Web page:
I've also removed the old e-mail address from all users, groups, etc. No matter what I try, I can still connect...
to the old server via telnet (IP address) 25 and send to email@example.com. I've rebooted the server as well. Do you have any ideas?
The first thing I'd do is spend some time drilling in the public-facing DNS record associated with the "olddomain.com" domain. Make sure you are (1) on the Internet when you do this and (2) are looking specifically at the authoritative DNS record.
If public clients can send mail to your old SMTP address, then they are getting an MX record from somewhere, which means that the MX record still exists. Once you've found the MX record, determine exactly which IP address corresponds to the server accepting Internet mail, and telnet into that server.
Then use the banner to confirm that this is indeed the server that you are assuming is your Internet gateway, and not an intermediary firewall or other rogue (or forgotten/overlooked) SMTP gateway.
Between those steps I think you'll figure out what's going on.
Bottom line: I think something is wrong in your assumptions … and some deeper digging will turn something up.
MEMBER FEEDBACK TO THIS ASK THE EXPERT Q&A:
In this reply, you suggested that the user had likely missed finding an old MX record when e-mail for a retired domain was continuing to flow into their e-mail server. There is another explanation -- spammers. (And that's probably one of the reasons they wanted to change their domain name in the first place.)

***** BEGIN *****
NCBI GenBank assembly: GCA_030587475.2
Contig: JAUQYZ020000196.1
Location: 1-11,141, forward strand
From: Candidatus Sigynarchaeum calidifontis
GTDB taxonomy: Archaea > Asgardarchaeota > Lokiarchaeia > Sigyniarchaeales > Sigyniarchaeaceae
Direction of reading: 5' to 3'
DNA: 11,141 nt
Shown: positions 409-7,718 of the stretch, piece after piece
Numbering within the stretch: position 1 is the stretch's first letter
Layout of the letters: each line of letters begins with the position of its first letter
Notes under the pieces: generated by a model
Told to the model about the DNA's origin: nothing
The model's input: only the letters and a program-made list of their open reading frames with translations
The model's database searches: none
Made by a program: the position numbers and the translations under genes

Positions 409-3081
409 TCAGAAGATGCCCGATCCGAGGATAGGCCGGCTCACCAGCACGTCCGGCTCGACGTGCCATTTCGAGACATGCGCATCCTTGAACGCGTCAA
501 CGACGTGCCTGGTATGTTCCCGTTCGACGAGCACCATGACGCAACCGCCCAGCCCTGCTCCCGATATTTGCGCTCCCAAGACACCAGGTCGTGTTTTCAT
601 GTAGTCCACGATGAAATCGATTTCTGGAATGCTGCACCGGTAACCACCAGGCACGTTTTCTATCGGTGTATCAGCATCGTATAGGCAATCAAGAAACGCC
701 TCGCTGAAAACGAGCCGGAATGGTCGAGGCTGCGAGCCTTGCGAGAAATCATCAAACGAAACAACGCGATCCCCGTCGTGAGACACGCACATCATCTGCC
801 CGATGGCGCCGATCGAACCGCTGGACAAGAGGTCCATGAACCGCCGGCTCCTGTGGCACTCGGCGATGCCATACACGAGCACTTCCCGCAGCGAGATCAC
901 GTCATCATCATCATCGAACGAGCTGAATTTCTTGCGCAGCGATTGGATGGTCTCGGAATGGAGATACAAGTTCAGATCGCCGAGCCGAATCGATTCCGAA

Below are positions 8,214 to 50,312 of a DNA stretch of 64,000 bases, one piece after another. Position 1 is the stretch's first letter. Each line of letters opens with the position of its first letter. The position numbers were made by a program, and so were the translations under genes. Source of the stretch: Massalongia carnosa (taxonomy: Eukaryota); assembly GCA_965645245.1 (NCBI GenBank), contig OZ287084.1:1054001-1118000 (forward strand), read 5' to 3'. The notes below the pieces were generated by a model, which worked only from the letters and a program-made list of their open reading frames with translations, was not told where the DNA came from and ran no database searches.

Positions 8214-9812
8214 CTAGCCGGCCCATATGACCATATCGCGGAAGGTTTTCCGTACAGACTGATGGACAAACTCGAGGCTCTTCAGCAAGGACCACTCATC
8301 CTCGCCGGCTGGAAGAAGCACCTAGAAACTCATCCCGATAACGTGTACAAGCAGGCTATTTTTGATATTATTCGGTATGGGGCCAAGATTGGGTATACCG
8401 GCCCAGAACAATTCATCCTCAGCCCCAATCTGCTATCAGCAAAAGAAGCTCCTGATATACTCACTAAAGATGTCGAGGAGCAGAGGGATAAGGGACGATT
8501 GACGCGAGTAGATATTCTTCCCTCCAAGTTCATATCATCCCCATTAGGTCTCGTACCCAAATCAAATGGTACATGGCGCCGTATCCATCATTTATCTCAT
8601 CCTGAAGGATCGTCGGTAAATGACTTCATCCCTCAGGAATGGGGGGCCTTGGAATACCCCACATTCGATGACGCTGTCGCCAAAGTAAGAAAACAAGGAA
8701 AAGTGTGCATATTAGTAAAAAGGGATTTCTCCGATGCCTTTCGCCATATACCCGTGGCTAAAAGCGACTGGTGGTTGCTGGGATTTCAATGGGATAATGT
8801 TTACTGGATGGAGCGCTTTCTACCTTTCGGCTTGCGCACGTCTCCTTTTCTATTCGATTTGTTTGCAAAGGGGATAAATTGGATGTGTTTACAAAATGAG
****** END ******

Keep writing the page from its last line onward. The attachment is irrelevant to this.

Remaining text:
Spammers remember the IP address of the e-mail server for a LONG time. I have one domain that I retired from e-mail service more than five years ago. It still advertises its presence with NS records, but there are no A or MX records in it. None of the NS records points to the same IP address as the old mail server. But when I go check logs, there they are -- messages pointed to the server using the old domain name just like it was yesterday, and every single one is spam. (I've even tried pointing the MX record to 127.0.0.1, but it doesn't help.)
The best solution is to insure that the Exchange server doesn't recognize that domain name and it will just drop the messages on the floor. (Look in Recipient Policies and Recipient Update Services in Exchange System Manager.) They'll still pay the price for handling the initial transaction, but at least they won't have to handle the entire message.
It would also help to reassign the IP address for the mail server for the new domain and not use the old address for anything related to inbound e-mail. At least then the packets won't have anywhere to go.
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